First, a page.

Nothing can quite prepare you for the sight of 12,000 immaculate, upright white headstones, set in regimented lines, glinting in the spring sunshine.
This is Tyne Cot, the world’s largest Commonwealth war cemetery. It is immaculate, tended daily by staff and volunteers from the War Graves Commission (CWGC), who have documented as best they can those interred and remembered here.
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The powerful memorial – one of too many in Flanders – is surrounded by white stone walls that bear the names of a further 33,783 British soldiers and 1176 New Zealanders whose bodies were never recovered from the cloying, suffocating mud where they fell.
In May 1922, as the cemetery neared completion, George V, who had made a pilgrimage here, said: “I have many times asked myself whether there can be more potent advocates of peace upon Earth through the years to come, than this massed multitude of silent witnesses to the desolation of war.”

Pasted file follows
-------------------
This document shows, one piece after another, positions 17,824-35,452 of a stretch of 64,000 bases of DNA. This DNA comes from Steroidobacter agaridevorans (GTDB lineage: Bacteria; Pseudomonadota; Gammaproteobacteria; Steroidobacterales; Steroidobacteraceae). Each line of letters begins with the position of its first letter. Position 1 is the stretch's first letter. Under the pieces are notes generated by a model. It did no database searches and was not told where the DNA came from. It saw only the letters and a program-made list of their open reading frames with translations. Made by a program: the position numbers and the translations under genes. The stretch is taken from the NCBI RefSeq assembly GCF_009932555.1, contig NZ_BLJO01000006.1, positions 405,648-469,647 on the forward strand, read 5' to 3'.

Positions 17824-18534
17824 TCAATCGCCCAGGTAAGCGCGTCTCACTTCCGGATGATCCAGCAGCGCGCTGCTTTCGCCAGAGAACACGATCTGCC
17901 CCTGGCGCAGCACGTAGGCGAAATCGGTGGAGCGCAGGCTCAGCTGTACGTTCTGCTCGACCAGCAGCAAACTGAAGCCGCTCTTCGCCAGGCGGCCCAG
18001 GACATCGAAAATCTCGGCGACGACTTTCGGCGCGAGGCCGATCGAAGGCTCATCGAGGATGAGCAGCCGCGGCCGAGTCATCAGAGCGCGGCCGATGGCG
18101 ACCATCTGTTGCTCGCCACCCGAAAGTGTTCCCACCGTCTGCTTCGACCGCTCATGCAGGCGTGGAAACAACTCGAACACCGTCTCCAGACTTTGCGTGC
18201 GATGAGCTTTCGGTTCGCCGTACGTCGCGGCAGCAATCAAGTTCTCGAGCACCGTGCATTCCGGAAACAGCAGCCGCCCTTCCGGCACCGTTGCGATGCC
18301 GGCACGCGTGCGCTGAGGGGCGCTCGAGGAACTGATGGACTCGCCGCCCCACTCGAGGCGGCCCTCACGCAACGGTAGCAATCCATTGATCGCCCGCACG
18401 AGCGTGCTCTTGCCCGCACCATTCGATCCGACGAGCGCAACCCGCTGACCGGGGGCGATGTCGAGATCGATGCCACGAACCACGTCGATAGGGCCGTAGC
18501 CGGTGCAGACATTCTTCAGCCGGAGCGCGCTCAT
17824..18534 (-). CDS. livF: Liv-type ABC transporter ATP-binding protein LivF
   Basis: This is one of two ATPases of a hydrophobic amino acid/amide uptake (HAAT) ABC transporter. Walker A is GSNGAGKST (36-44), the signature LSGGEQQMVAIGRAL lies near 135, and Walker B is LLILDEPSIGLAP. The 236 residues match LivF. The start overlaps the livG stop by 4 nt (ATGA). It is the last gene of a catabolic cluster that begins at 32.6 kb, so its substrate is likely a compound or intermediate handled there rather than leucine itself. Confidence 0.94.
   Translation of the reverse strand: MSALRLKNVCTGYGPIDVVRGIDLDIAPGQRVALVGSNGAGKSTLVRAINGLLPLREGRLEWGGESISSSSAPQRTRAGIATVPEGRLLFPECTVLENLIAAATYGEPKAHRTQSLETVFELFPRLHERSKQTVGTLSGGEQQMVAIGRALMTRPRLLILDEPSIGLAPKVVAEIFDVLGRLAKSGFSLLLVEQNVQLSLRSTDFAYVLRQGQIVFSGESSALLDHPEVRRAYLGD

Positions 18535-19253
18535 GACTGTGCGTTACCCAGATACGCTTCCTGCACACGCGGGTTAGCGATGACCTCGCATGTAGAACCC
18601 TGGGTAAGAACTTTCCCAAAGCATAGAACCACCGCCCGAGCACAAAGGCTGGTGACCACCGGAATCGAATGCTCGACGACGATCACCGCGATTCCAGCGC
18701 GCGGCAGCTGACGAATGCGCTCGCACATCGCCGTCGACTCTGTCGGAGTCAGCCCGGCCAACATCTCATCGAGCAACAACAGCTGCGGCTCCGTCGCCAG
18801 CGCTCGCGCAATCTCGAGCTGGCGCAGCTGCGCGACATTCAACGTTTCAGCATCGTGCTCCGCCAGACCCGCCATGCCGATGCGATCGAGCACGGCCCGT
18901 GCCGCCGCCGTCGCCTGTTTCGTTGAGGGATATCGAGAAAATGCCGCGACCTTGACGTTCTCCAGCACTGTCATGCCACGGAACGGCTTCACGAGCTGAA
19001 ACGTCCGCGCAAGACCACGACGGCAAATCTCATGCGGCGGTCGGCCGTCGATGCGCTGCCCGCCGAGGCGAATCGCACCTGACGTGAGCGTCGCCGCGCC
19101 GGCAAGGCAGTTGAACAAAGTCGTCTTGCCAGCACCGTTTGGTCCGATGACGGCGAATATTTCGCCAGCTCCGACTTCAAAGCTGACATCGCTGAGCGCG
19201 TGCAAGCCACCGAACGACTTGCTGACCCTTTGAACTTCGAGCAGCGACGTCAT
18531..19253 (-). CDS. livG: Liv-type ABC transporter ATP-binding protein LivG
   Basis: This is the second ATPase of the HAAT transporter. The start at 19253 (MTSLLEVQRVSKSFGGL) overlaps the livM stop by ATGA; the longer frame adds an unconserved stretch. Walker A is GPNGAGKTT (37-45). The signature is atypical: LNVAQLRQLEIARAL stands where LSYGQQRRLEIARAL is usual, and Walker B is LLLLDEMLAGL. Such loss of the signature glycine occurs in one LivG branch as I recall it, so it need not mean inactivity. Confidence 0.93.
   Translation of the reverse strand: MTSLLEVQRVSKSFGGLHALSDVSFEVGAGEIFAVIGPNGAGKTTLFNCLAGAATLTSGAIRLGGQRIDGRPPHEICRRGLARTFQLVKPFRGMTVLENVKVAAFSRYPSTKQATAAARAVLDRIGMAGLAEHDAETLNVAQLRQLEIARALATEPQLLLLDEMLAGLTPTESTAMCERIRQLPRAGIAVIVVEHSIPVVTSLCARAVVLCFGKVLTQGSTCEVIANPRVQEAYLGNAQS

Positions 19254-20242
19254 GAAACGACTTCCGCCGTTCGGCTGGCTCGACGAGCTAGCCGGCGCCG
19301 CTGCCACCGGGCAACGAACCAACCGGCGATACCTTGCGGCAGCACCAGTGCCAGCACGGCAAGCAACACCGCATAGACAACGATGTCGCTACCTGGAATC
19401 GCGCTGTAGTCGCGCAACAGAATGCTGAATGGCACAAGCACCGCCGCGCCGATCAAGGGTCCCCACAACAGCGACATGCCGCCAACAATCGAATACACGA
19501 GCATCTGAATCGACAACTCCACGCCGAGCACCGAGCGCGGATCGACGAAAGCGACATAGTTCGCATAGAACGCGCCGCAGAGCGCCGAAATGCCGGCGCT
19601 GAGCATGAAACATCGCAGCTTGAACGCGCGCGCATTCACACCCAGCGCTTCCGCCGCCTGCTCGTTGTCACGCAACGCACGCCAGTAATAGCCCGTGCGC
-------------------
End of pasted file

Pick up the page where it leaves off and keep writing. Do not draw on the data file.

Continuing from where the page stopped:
More moving still is a quote on another wall, from the unnamed fiancee of a Scottish soldier, John Low, in January, 1918. It read: “The thought that Jock died for his country is no comfort to me. His memory is all I have left to love.”
You don’t need to look far for touches of humanity. There are headstones and register entries that show many very young soldiers, not out of their teens, perished; perhaps they had signed up with Pals’ regiments and were eager to find adventure, little knowing they would soon be commanded to climb out of a trench and walk towards barbed-wire fences, machineguns, mines, gas – and senseless death.
Or, in the museum, photos of wives and children, and letters from home, hoping the promises of it “all being over by Christmas 1914” would come true.
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